A gob of something is a pile or lump. Gobs of something is a lot of that amount, though this usage is mainly in North America.
A gob may also be someone’s mouth
To gob is to eject saliva from one’s mouth, or spit. This definition is mainly used in British English.
In days past an American sailor could be called a gob, but this is largely out of use.
Gobsmacked is an adjective in British English that means in awe or at a loss for words.
Another version of this adjective is gobsmacking. Usually things are gobsmacking while people are gobsmacked.
The term’s origins are pretty literal. When people are shocked or in awe, they clap or smack their hands to their mouths or gobs.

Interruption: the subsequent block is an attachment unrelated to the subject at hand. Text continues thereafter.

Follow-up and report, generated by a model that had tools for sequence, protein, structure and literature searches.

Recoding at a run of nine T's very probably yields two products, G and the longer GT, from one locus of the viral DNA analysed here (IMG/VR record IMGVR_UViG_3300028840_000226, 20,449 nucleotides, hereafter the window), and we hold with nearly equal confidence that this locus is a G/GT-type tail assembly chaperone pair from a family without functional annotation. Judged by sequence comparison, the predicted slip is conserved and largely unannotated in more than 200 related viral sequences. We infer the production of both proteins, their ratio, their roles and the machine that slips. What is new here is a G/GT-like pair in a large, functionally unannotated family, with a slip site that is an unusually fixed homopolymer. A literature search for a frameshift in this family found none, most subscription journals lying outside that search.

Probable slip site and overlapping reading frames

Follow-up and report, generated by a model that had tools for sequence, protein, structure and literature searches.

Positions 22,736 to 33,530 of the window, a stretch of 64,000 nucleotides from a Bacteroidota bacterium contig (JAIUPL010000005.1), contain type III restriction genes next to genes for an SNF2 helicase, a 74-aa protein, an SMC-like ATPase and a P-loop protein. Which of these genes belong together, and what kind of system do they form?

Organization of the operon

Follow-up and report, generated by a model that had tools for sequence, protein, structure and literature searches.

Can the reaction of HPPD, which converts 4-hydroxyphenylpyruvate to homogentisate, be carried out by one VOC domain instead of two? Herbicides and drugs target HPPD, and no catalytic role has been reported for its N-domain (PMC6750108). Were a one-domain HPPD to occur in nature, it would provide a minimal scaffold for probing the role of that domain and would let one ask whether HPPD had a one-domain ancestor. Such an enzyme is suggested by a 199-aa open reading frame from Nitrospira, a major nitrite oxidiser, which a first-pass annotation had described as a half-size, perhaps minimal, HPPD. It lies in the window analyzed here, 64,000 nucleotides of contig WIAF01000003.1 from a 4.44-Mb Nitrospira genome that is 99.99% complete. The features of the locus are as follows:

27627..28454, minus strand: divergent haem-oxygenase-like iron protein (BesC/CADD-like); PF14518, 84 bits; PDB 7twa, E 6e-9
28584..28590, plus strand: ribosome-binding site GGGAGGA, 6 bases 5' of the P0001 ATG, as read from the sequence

Another related term is a gobstopper, or a jawbreaker in the United States. The candy is round and hard, usually meant to be sucked on instead of chewed, effectively stopping one’s gob from other tasks such as talking.
Some, mostly Americans, erroneously think that gobstopper must be capitalized because it was used as a candy name in Roald Dahl’s Charlie and Chocolate Factory for the everlasting gobstopper. However, Dahl did not create this word and even if he did, it is not a trademarked candy, as it is fictional.
A Scots bride was left gobsmacked when her celebrity heartthrob sent her a touching message on her wedding day. [Scottish Daily Record]
For all of the jaw-dropping, eye-popping, gobsmacking images the Hubble Space Telescope has sent home over the years, the smudgy, black and white picture above right is in some ways the most important. [TIME]